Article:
Redondo Beach orthopedic surgeon Albert Reff has been using the computer assisted Orthosoft system in most of the total knee replacements and some of the hip replacements he performed at Little Co. of Mary Hospital in Torrance.
Dr. Reff said that for him, the computer assisted system has largely replaced the traditional “mechanical jig” method that aligns the patient’s legs at the proper angle so that the new joint parts can be fitted to the bone ends.
The reflectors, grouped in threes on those prongs, bounce back the unseen light to the Orthosoft computer. By triangulating on the reflectors, the computer uses a special algorithm to calculate the relative position of the leg bones.
In a knee replacement, for example, it requires that one tracker be temporarily affixed to the shin bone and one to the thigh bone. Other tools are used by the surgeon to allow the computer to determine which part of the bones need to be shaved off to allow for the artificial joint implant to be attached.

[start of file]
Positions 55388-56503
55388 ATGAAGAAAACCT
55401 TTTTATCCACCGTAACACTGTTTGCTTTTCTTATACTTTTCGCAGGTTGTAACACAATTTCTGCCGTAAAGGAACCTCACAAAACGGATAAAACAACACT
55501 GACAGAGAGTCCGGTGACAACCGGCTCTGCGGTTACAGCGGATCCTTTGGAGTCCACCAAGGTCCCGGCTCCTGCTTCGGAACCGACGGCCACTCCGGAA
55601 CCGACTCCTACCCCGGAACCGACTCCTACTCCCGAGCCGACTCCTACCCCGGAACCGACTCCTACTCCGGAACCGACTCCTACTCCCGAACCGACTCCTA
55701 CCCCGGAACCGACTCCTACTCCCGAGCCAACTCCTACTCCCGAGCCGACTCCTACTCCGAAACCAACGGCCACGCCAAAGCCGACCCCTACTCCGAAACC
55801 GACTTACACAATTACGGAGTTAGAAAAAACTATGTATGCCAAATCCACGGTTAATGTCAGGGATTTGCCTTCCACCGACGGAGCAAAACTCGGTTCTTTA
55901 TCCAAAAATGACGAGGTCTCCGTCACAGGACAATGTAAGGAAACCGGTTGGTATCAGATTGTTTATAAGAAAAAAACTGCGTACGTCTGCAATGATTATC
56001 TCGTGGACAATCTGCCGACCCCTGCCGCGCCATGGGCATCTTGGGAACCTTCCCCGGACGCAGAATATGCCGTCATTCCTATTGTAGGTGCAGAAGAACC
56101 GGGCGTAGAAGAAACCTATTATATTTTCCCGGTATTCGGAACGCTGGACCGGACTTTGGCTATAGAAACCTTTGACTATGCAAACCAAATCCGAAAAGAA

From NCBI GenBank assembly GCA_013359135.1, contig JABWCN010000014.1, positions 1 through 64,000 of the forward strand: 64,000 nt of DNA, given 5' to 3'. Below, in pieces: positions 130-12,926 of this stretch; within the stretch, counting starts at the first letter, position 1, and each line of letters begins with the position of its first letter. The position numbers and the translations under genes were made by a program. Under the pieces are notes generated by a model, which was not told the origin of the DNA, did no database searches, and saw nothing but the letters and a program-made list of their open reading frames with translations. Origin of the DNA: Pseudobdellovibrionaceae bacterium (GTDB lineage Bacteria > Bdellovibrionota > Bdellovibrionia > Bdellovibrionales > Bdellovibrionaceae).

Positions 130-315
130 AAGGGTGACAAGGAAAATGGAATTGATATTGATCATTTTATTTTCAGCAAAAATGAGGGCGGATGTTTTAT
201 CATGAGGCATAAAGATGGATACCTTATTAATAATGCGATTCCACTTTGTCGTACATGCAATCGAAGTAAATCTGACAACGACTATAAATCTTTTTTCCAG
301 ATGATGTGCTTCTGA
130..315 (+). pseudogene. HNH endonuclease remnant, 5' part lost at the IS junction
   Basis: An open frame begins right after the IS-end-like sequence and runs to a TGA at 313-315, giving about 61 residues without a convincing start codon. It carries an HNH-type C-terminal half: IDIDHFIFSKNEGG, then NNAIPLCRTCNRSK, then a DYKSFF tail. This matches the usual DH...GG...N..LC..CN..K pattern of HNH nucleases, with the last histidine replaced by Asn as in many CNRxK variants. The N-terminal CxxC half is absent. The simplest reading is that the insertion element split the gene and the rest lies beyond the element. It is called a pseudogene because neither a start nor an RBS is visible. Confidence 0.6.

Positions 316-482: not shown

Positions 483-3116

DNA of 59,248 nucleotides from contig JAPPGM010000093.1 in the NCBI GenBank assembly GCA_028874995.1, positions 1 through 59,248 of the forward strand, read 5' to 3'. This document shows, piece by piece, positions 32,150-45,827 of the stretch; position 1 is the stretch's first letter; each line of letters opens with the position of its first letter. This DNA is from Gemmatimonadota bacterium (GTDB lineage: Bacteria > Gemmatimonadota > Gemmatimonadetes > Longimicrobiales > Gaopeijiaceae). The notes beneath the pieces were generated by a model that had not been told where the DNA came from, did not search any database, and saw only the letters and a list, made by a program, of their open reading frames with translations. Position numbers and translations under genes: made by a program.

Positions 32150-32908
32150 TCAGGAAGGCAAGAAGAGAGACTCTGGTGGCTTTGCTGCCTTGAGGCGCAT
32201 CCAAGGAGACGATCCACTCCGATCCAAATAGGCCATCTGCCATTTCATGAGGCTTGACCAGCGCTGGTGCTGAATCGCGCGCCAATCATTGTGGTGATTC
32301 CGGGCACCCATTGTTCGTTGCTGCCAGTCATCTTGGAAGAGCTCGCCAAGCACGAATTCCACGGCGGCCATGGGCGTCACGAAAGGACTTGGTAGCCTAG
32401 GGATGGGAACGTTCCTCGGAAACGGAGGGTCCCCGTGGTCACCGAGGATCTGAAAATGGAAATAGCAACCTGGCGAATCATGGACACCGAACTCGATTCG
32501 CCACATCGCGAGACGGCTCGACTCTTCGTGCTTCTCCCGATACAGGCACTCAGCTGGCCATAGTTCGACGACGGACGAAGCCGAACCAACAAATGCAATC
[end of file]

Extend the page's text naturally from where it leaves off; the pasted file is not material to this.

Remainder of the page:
In joint replacement, it’s all about alignment. Misaligned knee replacements are likely to cause more pain and wear out faster. Misaligned artificial hip joints are in jeopardy of dislocation, Dr. Reff said.
Dr. Reff said what the computer assisted system provides is a highly accurate alignment, better than can be achieved with the jigs and the human eye. “You have to have confidence in this tool and be able to trust what it’s telling you: Reff said.
So far he’s pleased with the computer assisted system’s performance. Patients seem to do better and get a good range of motion more quickly, he said. Because the system visualizes the bones, even as they are still covered in tissue, it’s ideal for the trend toward minimally invasive surgery, Reff said.
Torrance resident Margaret Golakoff had her right knee replaced by Dr. Reff, using the Orthosoft system, about two months ago. She was under anesthesia, so she didn’t see the system in action, but she likes the results.
She was expecting a long and painful recovery. But before long, she was up and walking. “I can walk. I thought I would be in bed. I thought I would be housebound,” Mrs. Golakoff said.
Total Knee Replacement
AAHKS Total Knee Replacement Surgery
Learn what takes place before, during and after a total knee replacement surgery.
Warning: This video is of an actual surgery shot in an operating room and contains graphic images of blood, tissue and bone. To read the article about total knee replacement surgery, click here.
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